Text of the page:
Episode summary and trivia including victim, murderer, recurring cast, and more!
It’s a Cabot Cove episode everyone! Amos’s little sister has come to visit from Kentucky, saying that she has left her manic depressive drunk husband. Soon after, her husband shows up with his entire family in-tow to try and get her back.
Just the facts ma’am:
Spoilers are in white font, so highlight the text below to reveal the answers.
- The victim was… Sheriff Amos Tupper’s brother-in-law!
- killed by… his other brother-in-law!
- in… Jessica Fletcher’s dining room!
- with… phenobarbitals in the chowder and in his drink!
- because… he wanted to take over the family business, which he felt was being run to the ground!
- vital clues: different sized glasses.
- As this is a Cabot Cove episode, we of course see William Windom as Dr. Seth Hazlitt (left) and Tom Bosley as Sheriff Amos Tupper (right).
The rest of the cast is comprised of other actors who have made multiple appearances on the show, but each time as different people. In this episode, they are:
- Anne Meara (left) plays Amos’s little sister Winnie Banner. This is Meara’s first appearance on the show; she comes back to make one more appearance but not as Amos’s sister.
- Guy Stockwell (right) plays Winnie’s husband Elmo. This is Stockwell’s second of three total appearances on MSW.
- Barbara Rhoades (left) plays Elmo’s sister Flo Oakes. This is Rhoades’s second and final appearance on MSW.
- Geoffrey Lewis (right) plays Flo’s husband Kenny. This is Lewis’s second out of a total four appearances on MSW. He previously appeared in the episode “No Accounting for Murder“.
- Henry Gibson (left) plays Elmo’s brother Harold. This is Gibson’s first of two total appearances on MSW.
- Donnely Rhodes (right) plays Ed Bellamy, a private detective hired by Elmo to shadow his wife. This is Rhodes’s first of three total appearances on MSW.
- Colleen Camp plays Deputy Marigold Feeney in her second and final appearance on MSW. It appears that when playing Marigold, Camp had basically channeled the character she played in the Police Academy series, right down to riding a motorcycle.
Many of the above actors are also recognizable from so many other films and TV shows that I cannot even begin to name what they’re most famous for.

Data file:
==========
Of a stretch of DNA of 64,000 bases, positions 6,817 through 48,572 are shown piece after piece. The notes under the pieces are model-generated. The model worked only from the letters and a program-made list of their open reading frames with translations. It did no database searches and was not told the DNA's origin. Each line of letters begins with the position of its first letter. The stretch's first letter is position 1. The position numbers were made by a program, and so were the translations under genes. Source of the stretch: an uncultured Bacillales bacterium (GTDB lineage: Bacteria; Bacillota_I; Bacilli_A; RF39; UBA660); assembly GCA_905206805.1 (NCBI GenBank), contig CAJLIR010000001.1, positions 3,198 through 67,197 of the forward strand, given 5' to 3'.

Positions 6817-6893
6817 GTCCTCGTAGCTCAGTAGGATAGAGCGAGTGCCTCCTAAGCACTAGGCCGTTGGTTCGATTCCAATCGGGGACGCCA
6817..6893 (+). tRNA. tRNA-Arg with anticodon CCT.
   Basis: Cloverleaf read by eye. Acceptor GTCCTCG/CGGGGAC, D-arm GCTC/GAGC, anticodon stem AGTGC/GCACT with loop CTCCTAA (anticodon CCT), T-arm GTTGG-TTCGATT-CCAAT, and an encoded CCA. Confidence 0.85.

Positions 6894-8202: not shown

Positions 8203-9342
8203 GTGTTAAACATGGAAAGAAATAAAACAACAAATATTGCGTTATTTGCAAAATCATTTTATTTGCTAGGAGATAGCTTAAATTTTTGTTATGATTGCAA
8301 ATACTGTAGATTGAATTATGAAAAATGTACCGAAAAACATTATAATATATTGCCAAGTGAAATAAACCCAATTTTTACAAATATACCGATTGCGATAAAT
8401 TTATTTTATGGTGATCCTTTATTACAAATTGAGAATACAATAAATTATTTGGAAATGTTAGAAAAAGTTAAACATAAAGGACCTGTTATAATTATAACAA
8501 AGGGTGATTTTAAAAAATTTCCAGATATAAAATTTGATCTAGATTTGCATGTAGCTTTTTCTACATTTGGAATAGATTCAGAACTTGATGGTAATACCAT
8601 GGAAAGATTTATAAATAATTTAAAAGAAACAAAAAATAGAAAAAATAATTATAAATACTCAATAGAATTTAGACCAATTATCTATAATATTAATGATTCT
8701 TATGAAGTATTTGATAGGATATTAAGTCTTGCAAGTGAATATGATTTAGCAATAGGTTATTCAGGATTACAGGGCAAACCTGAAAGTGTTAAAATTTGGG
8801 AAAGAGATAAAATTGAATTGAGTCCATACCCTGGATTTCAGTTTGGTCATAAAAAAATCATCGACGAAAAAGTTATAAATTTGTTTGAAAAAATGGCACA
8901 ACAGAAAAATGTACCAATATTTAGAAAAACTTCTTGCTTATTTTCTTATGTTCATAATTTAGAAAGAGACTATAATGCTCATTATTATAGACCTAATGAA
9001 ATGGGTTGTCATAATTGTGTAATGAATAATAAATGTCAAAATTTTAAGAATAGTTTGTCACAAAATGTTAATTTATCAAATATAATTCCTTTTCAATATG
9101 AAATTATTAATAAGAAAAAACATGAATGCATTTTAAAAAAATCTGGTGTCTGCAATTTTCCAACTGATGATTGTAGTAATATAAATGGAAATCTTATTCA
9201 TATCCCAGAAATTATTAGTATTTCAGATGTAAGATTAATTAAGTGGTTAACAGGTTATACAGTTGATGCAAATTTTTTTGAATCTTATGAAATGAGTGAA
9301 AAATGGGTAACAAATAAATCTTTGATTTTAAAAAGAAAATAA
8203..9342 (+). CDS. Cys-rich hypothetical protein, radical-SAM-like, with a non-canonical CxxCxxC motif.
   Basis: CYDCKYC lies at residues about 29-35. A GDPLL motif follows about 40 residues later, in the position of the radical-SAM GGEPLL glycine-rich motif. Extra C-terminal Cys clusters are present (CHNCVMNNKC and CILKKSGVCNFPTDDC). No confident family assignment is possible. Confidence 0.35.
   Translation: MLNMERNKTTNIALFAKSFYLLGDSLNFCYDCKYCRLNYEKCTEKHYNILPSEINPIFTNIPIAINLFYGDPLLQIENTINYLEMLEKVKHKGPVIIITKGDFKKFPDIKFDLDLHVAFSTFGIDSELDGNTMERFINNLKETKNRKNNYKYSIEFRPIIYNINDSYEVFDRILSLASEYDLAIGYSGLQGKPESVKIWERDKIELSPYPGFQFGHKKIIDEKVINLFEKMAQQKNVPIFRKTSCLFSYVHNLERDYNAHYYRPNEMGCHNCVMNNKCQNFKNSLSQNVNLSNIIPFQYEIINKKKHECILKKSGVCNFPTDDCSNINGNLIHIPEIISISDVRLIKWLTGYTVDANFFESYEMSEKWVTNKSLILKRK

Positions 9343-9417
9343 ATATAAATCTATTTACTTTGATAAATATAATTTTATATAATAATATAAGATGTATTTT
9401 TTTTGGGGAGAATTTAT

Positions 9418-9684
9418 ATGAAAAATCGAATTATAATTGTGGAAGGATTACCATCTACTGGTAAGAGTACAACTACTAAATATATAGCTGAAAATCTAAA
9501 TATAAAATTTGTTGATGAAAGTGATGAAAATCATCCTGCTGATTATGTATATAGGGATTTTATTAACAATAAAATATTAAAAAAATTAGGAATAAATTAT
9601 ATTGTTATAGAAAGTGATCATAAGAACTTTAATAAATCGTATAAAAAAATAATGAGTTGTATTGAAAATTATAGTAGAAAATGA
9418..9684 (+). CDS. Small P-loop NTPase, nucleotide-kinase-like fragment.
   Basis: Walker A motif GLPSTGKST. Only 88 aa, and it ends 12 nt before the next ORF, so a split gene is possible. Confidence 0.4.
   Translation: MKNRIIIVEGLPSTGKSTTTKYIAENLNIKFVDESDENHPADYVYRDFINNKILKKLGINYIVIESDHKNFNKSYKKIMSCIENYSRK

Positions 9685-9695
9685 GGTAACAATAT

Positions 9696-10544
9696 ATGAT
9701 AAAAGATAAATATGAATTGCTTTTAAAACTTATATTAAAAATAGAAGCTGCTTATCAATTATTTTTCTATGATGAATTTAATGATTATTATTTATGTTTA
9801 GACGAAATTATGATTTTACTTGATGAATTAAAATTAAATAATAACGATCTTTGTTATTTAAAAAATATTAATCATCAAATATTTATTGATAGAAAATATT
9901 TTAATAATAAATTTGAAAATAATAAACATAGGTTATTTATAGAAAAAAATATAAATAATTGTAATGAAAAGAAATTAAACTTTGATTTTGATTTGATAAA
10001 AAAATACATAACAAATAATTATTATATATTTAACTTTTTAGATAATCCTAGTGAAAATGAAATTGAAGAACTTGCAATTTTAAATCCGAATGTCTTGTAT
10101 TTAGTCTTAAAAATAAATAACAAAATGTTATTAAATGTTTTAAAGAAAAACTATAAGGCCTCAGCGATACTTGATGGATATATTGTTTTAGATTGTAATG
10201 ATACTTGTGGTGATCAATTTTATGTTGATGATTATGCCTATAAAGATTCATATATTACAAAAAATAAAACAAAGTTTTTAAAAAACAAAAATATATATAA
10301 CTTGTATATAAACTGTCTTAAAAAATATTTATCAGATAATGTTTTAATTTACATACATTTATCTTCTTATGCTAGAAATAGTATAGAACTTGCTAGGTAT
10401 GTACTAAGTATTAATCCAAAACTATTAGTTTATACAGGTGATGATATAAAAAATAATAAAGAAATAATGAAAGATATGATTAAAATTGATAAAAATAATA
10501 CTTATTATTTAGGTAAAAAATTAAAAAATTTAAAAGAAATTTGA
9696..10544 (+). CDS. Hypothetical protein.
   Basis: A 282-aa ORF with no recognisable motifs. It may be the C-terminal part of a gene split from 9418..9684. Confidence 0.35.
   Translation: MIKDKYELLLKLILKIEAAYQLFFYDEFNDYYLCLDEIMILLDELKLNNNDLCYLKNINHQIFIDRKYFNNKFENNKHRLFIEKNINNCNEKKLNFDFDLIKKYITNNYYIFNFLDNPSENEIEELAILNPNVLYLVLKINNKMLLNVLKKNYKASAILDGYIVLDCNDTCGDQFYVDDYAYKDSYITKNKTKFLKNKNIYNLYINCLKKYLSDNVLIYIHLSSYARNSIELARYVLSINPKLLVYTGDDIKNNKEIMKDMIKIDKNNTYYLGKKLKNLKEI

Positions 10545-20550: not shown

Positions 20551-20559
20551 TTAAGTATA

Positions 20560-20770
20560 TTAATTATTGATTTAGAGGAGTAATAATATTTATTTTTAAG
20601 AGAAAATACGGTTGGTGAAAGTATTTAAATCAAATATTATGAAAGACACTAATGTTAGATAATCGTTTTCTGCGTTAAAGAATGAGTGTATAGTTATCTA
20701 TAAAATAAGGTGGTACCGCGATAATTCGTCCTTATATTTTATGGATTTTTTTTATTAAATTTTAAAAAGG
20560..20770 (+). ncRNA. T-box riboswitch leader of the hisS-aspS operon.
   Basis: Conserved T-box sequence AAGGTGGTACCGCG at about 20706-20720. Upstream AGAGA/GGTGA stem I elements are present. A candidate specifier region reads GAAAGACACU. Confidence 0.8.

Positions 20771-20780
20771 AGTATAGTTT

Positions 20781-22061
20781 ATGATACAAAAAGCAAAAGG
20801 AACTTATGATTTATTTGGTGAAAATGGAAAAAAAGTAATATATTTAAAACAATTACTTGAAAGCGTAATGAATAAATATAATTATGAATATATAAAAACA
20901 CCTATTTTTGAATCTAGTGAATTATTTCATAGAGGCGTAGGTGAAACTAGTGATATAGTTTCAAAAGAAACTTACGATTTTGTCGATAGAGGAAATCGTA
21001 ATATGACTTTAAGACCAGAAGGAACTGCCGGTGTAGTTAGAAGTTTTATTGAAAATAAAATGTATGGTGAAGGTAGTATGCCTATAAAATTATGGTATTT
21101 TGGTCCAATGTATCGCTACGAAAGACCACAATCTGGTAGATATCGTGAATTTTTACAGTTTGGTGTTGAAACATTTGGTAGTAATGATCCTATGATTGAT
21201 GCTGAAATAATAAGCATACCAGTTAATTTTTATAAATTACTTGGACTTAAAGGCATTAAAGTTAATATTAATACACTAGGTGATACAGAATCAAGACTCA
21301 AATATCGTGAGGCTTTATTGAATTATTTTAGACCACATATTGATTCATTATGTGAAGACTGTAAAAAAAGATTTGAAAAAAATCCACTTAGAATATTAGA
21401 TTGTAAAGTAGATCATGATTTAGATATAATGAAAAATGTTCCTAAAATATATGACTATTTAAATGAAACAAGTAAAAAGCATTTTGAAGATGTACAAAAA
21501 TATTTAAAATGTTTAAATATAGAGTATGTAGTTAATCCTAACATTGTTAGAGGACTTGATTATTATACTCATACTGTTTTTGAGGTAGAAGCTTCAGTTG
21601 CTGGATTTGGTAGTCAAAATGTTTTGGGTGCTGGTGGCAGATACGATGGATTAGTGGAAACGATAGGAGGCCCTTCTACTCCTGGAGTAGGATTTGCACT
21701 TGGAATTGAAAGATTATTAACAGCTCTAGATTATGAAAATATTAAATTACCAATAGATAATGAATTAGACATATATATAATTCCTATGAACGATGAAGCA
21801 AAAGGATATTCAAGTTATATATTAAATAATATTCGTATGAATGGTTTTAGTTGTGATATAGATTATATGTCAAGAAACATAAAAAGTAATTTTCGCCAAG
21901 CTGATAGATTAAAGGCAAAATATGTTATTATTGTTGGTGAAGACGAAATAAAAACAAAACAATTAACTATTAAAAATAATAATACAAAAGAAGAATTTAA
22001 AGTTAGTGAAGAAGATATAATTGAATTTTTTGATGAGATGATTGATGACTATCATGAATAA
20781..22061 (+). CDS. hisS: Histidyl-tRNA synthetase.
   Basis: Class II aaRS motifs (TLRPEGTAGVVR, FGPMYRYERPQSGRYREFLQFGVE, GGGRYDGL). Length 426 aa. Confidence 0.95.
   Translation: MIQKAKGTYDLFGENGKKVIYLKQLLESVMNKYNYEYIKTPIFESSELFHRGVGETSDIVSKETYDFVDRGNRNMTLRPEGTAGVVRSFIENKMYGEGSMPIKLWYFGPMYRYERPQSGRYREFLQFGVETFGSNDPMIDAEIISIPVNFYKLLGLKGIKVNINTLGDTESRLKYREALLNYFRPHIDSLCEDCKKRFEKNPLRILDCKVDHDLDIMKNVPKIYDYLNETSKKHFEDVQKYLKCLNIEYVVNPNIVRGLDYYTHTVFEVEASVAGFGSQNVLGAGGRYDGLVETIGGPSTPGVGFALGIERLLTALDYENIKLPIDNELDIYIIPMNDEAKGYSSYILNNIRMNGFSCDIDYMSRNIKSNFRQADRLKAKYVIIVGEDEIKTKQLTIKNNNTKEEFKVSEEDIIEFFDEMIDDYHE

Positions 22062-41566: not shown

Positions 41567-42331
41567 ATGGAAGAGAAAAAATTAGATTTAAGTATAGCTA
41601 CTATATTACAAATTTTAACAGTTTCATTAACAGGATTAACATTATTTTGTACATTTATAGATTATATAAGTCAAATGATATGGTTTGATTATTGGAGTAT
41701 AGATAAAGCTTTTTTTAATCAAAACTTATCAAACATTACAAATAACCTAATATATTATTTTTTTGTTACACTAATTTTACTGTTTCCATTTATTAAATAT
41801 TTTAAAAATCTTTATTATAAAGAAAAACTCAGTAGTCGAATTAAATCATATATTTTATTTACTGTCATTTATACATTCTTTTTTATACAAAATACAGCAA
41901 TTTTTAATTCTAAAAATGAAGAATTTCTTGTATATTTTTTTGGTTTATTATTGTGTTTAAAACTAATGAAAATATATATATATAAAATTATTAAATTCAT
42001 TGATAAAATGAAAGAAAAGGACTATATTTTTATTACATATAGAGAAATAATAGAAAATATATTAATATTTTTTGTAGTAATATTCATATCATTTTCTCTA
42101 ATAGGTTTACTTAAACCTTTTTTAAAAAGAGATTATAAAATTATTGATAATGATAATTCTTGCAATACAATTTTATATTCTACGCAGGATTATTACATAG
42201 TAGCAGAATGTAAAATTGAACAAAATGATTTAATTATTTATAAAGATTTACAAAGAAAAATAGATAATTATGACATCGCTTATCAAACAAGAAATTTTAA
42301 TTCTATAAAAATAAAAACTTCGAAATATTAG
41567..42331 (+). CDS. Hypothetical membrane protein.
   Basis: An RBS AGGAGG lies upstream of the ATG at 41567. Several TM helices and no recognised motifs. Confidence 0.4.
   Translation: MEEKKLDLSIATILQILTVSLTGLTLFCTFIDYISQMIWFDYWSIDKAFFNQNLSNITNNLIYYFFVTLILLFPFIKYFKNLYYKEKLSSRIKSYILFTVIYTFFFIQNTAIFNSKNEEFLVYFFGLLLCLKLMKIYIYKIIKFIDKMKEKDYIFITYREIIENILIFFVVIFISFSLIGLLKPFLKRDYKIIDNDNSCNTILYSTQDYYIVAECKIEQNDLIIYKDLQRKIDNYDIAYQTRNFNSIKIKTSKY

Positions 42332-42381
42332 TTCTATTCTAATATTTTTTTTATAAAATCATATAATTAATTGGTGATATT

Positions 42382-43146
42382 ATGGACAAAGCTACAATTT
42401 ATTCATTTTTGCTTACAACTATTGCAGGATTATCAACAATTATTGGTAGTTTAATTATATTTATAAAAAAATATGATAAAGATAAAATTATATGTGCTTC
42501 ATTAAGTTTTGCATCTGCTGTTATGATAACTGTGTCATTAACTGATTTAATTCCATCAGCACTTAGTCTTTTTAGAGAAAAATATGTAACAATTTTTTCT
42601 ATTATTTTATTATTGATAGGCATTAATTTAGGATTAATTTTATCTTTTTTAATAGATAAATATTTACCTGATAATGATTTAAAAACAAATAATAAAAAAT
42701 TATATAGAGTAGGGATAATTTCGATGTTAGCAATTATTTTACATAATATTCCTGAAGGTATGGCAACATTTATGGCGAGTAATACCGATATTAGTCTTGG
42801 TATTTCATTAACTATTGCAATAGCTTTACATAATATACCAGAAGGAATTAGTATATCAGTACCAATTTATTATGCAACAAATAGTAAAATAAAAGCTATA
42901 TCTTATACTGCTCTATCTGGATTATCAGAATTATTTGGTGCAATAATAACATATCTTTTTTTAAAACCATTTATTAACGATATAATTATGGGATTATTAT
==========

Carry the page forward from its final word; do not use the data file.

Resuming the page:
Following the previous episode‘s inexplicable credits, this one also credits Joseph Perry as playing a character called “Ralph” — someone who doesn’t recognizably make an appearance. However, it’s notable that Joseph Perry is credited as appearing in one other episode of MSW, as “heavy set crude man”.
It occurred to me that it might be fun to keep note of all of the deputies of Cabot Cove. So here’s an honourable mention of Dennis Bailey as Deputy Grover in his only appearance on the show.
Together with “If it’s Thursday, it must be Beverly“, this episode is a gem among all the Cabot Cove episodes. In fact, this episode makes some reference to the events of that one.
Now, Mrs. Eggleston, I’m sorry your cat is up a tree. But my deputy who used to take care of that sort of thing quit on me.
We also get a good glimpse into Amos’s life — which is nice given that this is his second-last appearance on the show. Of course, it wouldn’t be Amos without some sort of sexist remark, such as when he’s confronted with a woman applying to be the new deputy.
Amos: “Oh, I see. Well, uh, the thing is I– I’m looking for somebody with law enforcement experience.
Marigold: “I was a meter maid in Augusta. I got my own uniform.”
Amos: “Well, uh, I don’t know. A deputy’s job has long hours.”
Marigold: “I thrive on hard work.”
Amos: “Mmm. And, uh– Well, I’m not saying that there is, but there could be danger involved.”
Marigold: “No problem.”
Amos: “Uh-huh. Well, uh, you see, miss, what I was really looking for was, uh– uh–“
Marigold: “A man? I’d be very disappointed, Sheriff, if you were biased.”
Amos: “Me? Biased? Why, nothing could be farther from the truth. I had a woman deputy until last year. Good worker too. It broke my heart when she got in the family way. Course, her husband was glad she was finally staying at home where she belonged.”
. . .
Amos: “Could you start tomorrow?”
Marigold: “I can start today.”